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Protestors march through campus for Shatter the Silence anti-sexual violence rally



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In the sea of people marching down Third Street, one woman’s sign stood out. A plastic pink lei was wrapped around the wooden stick that held it. 

“So glad my sister doesn’t go here,” it read. 

This was just one of many posters at the Shatter the Silence march and rally, a protest to raise awareness for sexual violence on IU’s campus and to demand action from the University. The crowd of around 100 people wore white T-shirts with teal ribbons printed on them, the symbol for sexual assault awareness, and the words “Shatter the Silence” written in script.

The group marched about a mile and a half chanting “No more violence, shatter the silence” and “Me too, IU. Shame on you, IU.” Once they arrived at Dunn Meadow, Ellie Johnson, one of the two organizers of the event, spoke along with the IUSA chief of staff and two survivors. 

“It’s unfortunate we have to beg for our rights, but here we are,” Johnson said to the crowd.

IU spokesman Chuck Carney said the University appreciates students' attention to these matters and support their efforts to speak out.

"We stand behind our processes which are fair, thorough, and equitable for all students," Carney said. "In orientation, later on arrival to campus and again in their first year, IU students participate in programming that addresses sexual assault education. IU will continue to lead in educating all students on matters of sexual assault prevention."

Johnson, a survivor, went viral in June after calling out IU’s sexual violence policies on Twitter. The post gained over 2,000 retweets and 5,000 likes and prompted a response from the University. 





Some social media posts also featured Johnson naming the panelists involved with her case and their contact and personal information. On July 10, Johnson posted on Twitter she filed a Title IX complaint with the Office of Civil Rights, a sub-agency of the U.S. Department of Education.     

At the rally, Celeste Coughlin, another organizer, read from a letter written by the organizers calling for IU to publicly recognize sexual violence as an issue at the University, explain how they will hold sexual predators accountable, meet the needs of survivors and issue a statement of support and commitment to survivors. 

“We deserve a system that handles sexual violence as seriously as it handles plagiarism,” Coughlin read from the letter.

They intend to turn the letter in Monday, Johnson said, and encouraged people to sign it at the rally.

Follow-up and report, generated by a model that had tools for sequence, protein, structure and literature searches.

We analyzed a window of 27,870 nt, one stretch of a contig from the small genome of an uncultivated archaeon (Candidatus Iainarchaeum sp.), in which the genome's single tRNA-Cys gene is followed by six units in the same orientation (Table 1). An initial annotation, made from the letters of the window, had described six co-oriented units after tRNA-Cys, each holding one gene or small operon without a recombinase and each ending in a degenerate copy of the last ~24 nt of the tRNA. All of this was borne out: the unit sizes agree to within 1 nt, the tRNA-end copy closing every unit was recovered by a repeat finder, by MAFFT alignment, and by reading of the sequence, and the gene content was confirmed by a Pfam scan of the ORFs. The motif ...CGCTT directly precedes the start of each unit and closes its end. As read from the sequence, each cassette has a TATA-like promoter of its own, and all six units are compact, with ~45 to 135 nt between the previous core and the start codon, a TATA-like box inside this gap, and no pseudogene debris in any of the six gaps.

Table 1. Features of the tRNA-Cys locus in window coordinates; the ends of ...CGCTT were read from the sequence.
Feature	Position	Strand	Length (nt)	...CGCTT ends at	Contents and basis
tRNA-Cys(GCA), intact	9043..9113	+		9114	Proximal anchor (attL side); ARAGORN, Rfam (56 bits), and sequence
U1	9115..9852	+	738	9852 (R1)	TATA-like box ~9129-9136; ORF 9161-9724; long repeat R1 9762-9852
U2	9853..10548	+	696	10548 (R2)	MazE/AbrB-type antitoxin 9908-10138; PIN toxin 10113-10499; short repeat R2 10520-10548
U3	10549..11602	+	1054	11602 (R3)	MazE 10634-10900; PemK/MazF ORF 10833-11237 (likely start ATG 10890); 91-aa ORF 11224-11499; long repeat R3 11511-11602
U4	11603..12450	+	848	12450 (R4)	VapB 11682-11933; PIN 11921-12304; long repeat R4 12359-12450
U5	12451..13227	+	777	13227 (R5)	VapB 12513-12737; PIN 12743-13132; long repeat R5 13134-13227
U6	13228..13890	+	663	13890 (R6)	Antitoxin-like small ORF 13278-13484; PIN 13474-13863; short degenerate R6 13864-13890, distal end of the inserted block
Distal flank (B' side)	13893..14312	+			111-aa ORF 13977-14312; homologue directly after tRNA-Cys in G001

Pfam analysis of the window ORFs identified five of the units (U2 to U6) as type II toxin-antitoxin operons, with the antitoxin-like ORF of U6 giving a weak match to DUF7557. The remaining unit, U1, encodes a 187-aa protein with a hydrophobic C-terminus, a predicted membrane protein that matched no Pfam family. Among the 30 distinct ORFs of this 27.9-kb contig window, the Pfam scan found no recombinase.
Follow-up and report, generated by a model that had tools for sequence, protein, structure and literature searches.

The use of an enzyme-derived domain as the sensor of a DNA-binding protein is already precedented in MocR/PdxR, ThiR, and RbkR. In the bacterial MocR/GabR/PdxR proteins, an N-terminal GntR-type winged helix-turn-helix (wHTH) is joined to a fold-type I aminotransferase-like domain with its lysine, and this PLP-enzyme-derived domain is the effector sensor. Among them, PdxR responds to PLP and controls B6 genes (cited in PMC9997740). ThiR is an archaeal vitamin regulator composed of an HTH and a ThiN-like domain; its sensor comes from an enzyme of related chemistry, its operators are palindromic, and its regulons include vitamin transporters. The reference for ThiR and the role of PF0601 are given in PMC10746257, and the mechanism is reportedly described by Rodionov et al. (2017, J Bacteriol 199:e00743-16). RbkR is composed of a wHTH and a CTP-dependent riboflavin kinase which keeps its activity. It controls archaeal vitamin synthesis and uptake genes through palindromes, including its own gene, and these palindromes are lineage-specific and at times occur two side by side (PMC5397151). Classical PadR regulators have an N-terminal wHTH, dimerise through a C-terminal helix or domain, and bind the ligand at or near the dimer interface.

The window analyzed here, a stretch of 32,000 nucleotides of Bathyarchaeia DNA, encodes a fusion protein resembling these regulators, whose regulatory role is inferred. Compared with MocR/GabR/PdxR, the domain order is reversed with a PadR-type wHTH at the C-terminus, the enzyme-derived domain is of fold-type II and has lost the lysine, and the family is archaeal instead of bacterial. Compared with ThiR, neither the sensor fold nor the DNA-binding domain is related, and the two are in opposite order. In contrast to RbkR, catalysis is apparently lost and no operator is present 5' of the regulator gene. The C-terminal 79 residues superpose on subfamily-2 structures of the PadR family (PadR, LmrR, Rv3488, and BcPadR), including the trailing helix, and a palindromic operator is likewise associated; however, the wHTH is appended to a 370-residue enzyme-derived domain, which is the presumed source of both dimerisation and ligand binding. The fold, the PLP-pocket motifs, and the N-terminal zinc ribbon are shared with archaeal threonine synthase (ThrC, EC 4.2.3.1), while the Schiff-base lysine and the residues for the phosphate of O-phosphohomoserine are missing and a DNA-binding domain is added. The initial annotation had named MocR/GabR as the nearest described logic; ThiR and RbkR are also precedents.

IUSA Chief of Staff Isabel Mishkin said her administration wants to learn more about sexual violence on IU’s campus and make sure the University is truly supporting survivors. She wants students to have a seat at the table when IU handles this issue.

“The best decisions that happen at IU are the ones that include students,” Mishkin said.

IUSA’s President Alex Wisniewski participated in the rally, too, holding a sign that read “Shatter the Silence.”

The next speaker, junior Hannah Patton, talked about a loophole in IU’s investigations. Her alleged attacker transferred schools during his investigation. He faced no consequences and is a member of a fraternity at a different school, she said.

“He has the opportunity to do it to someone else,” Patton said.


The other survivor, Xakilah Daniel, experienced domestic violence and said she used to blame herself for letting it happen. 

“I’m no longer a girl that watches her tone or covers her bruises,” Daniel said.

She encouraged the crowd to not let sexual violence define them.

About 15 men showed up to march, and one of them, freshman Leo Banks, said the gender disparity showed a wider cultural problem.

“It’s kinda scary that so many more women are here than men,” he said. “There should be more of us.” 

Despite all of the support on Saturday, Johnson’s initial tweet wasn’t intended to culminate in a rally. 

“As I started getting messages after going public and hearing stories about the IU system, I realized these are not isolated instances,” Johnson said.

Soon she realized her tweet could turn into a movement.

Coughlin, a law and public policy major who handled the logistics of the event, was inspired to get involved because of her interest in grassroots activism.

“We’re trying to act in the best interests of the whole student body because the system has been broken for so long,” Coughlin said.


Abigail Bridgeman, a junior, didn’t even know Johnson before she saw the viral tweet. But as soon as she saw it, she knew she had to get involved and managed the rally’s social media.

“I saw the things she was fighting for and was blown away by her courage,” Bridgeman said. “She lost so much but she’s still fighting.”

After the rally, people from all directions swarmed Johnson with hugs and words of support. Her clothes were damp with sweat.

“I’m exhausted, out of breath and super sweaty,” Johnson said. “But I’m empowered.”


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This story has been updated to include a statement from IU spokesman Chuck Carney that was not included in the original version.

A previous version of this story incorrectly quoted a protester's sign that said "So glad my sister doesn't go here." The IDS regrets this error. 





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